A warning to those flouting the rules regarding indigenous and invasive plant species
THE departments of forestry and the environment joined hands at the Port Alfred civic centre recently to create awareness in the fight to save our natural forests and eliminate alien vegetation.
A small but influential group consisting of local councillors, estate agents, businesspeople and members of the public attended this, the third visit by the department of forestry to Port Alfred.
Thabo Nokoyo from the Department of Forestry and Fisheries (DFF) spoke of the penalties for breaking the law when cutting down or even pruning a protected tree without the necessary authority, even if that tree is on your own property.
He defined what was meant by the term natural forest.
“Trees forming a natural forest would be of different species and different heights and ages. They would also be evergreen and form a canopy,” he said. “In contrast, a man-made forest would consist of trees of a single species, be of the same age and height.”
Nokoyo added that natural forests for a firebreak, and that fires that meet a natural forest tend to stop at its borders, only burning a metre or so inward.
“Artificial forests do not form fire breaks and will therefore burn down in the case of a fire,” he said.
Nokoyo also said there was a need to understand that local municipalities and national departments do not always talk to each other, and was pleased the Ndlambe Infrastructure department, as well as environmental officers were present. He quoted the National Forests Act of 1998 with specific mention of sections seven and 15.
Section seven states that no trees in a natural forest may be cut down without a licence.
“Not just Milkwoods,” he added, but any form of natural forest. Section 15 states that no protected trees may be cut down (or trimmed) without a licence.
“This means that you may not cut down protected trees to build a house. We will not allow it. There has to be exceptional circumstances, like danger to life or property, for a case to be exceptional,” he said.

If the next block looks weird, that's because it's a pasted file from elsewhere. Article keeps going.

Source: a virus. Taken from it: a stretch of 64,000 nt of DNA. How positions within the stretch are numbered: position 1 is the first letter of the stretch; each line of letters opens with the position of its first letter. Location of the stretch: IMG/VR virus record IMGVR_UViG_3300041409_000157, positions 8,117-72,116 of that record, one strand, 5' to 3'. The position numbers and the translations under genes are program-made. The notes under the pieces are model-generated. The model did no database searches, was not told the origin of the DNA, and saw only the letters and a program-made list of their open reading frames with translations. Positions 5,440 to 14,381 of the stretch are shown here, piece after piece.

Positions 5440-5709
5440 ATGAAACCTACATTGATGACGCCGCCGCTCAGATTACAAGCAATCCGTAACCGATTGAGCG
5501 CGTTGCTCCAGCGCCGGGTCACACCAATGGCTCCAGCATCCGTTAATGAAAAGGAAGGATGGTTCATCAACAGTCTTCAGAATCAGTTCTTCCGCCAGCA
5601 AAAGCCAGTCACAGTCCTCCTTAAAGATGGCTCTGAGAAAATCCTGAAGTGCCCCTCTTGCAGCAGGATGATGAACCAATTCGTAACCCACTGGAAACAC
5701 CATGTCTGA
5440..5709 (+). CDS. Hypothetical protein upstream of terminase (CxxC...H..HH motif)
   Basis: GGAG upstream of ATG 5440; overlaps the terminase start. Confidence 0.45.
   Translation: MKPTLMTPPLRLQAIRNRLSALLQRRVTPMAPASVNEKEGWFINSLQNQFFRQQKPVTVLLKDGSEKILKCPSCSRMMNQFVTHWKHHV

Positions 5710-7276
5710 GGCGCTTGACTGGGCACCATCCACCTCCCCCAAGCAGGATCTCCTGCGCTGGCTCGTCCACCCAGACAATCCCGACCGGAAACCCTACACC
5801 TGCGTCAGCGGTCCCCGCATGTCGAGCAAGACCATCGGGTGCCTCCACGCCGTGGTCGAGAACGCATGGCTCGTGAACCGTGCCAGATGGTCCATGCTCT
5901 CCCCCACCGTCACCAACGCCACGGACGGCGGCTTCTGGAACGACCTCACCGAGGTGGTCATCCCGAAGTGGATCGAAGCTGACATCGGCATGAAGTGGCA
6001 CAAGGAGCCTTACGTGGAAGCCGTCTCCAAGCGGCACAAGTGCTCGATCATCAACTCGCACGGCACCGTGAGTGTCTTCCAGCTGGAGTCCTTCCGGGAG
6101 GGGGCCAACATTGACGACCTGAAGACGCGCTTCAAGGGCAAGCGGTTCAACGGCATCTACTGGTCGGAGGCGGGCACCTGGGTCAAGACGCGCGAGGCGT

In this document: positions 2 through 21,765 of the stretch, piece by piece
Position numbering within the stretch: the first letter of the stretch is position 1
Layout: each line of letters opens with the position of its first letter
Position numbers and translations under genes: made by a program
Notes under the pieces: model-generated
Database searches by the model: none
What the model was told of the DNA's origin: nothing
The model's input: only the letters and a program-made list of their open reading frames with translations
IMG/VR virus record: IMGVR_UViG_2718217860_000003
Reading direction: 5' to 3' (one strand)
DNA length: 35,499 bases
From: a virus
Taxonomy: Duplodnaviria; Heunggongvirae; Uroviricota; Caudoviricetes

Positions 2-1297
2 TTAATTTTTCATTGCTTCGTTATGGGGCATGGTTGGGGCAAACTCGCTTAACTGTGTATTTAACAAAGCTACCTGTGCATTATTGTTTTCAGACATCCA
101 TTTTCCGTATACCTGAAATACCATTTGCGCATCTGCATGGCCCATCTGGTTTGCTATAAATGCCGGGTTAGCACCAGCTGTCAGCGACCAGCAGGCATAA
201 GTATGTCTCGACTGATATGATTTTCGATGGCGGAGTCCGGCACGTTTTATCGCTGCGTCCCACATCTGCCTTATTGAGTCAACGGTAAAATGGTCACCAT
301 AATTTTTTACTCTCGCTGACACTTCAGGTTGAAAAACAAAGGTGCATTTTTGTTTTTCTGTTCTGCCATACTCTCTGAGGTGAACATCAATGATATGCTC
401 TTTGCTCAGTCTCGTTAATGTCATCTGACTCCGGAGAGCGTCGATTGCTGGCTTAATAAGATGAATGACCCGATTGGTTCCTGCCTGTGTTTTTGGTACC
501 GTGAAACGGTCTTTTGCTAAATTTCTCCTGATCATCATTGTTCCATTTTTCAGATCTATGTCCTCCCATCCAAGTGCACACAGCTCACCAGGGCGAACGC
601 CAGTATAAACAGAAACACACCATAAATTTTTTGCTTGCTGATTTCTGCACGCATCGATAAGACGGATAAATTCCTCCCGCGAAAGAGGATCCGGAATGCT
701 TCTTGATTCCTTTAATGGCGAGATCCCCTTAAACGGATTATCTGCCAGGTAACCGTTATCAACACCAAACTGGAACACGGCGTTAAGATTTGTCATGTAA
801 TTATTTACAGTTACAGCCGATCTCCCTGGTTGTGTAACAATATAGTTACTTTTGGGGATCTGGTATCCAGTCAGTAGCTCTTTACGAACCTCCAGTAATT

He went on to explain that exceptional circumstances did not include clearing trees to build houses or for agriculture.
“All other avenues must be explored before trees are cut down. Permission of the local municipality or even the MEC can be overruled by DAFF,” he said.
It was then the turn of Zincebe Peter-Madikizela of the Department of the Environment’s Green Industries, to talk about the invasion of alien plant species.
“It is not just the job of the government of provincial and local authorities, but the duty of everyone to help eliminate alien species,” she said.
“It is important we encourage the public to get involved and inform the authorities of invasive alien species.”
Referring to the National Environmental Management Act, she listed the invasive species under several categories, all defining the appropriate steps to be taken when dealing them. Category 1a means taking immediate steps to eliminate them, whereas Category 1b means to control the listed invasive species and comply with a management programme.
Category 2 requires a permit and ensures that plants cannot propagate beyond a set boundary and Category 3 determines what happens to more exotic invasive species where tight regulation is required.
She warned that routine inspections of farms, businesses and even the general public could be carriesd out and that heavy fines would be imposed on anyone not following the regulations.